Grit and Calcium options and substitutes

Discussion in 'Quail' started by YASIN, Oct 31, 2014.

  1. YASIN

    YASIN Out Of The Brooder

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    Dec 26, 2010
    Chittagong , Bangladesh
    Hello

    I have some Quails which I have been keeping for 2 months ... they are fine Alhamdulillah and growing well , except dat they arent laying any eggs yet .....
    i had raised chickens (totally inside my house) and pigeons (in my balcony) during my school years wen I was in Qatar ... and I had always faced the problem of providing grit and proper calcium ... although all of them seemed to do fine without dem
    But i still i want to provide them with proper grit and calcium

    Here in Bangladesh , my grandmother (and many people around us ) keep free-range chickens and ducks ... they eat watever dey want , roam around freely and grow and reproduce just fine (here we live in a building with a large space around us , a pond , separate place for the animals and lots of trees, in Qatar we lived in a small rented flat) . they are fed with boiled rice (the left overs ) and another feed , i guess powdered husks of rice (we call it bhushi) mixed with the rice and water.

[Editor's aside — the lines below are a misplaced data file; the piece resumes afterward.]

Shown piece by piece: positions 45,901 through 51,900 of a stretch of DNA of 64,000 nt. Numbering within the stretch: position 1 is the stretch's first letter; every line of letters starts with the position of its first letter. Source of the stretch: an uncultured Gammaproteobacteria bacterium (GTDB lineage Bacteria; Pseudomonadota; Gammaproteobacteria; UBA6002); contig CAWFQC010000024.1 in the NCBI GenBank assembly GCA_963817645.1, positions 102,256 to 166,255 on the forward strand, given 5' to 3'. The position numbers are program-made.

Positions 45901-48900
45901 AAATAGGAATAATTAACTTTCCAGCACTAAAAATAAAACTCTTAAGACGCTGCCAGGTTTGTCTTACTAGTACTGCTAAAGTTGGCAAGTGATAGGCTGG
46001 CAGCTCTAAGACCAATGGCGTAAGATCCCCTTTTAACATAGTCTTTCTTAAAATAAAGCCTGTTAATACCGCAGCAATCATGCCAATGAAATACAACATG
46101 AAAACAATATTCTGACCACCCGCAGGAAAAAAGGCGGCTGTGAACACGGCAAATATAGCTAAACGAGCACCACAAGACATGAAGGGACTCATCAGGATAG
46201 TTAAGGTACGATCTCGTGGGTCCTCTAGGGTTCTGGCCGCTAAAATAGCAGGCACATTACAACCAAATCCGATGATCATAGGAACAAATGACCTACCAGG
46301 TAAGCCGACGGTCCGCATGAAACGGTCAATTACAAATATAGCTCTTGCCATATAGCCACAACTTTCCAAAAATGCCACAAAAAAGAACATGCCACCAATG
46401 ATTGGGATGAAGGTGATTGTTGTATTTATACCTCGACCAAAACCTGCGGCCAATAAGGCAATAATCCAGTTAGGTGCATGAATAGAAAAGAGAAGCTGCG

But for my quails , i hav to keep them indoors (cant really open dem up or they will fly away) , only sometimes i used to open dem up in my caged garden ... so i have pretty much provide everything to dem myself

    For the grit , we dont really hav any like the ones i read on the internet , all that we hav are pieces of granite , cement and bricks , no much real stones or gravel .,
    and as for calcium , all i can give them is crushed egg shells , i cant get oyster shells or supplementary calcium feed ... we do hav lots of apple snails in our ponds

    So wat should I do ... or will they be just fine ....
    wat other safe grit options are dere ?
    how can i supplement dem with calcium properly ?? wat greens are rich in calcium and good for quails ??
     
  2. Lilyput

    Lilyput Chillin' With My Peeps

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    Mar 25, 2014
    Raleigh, NC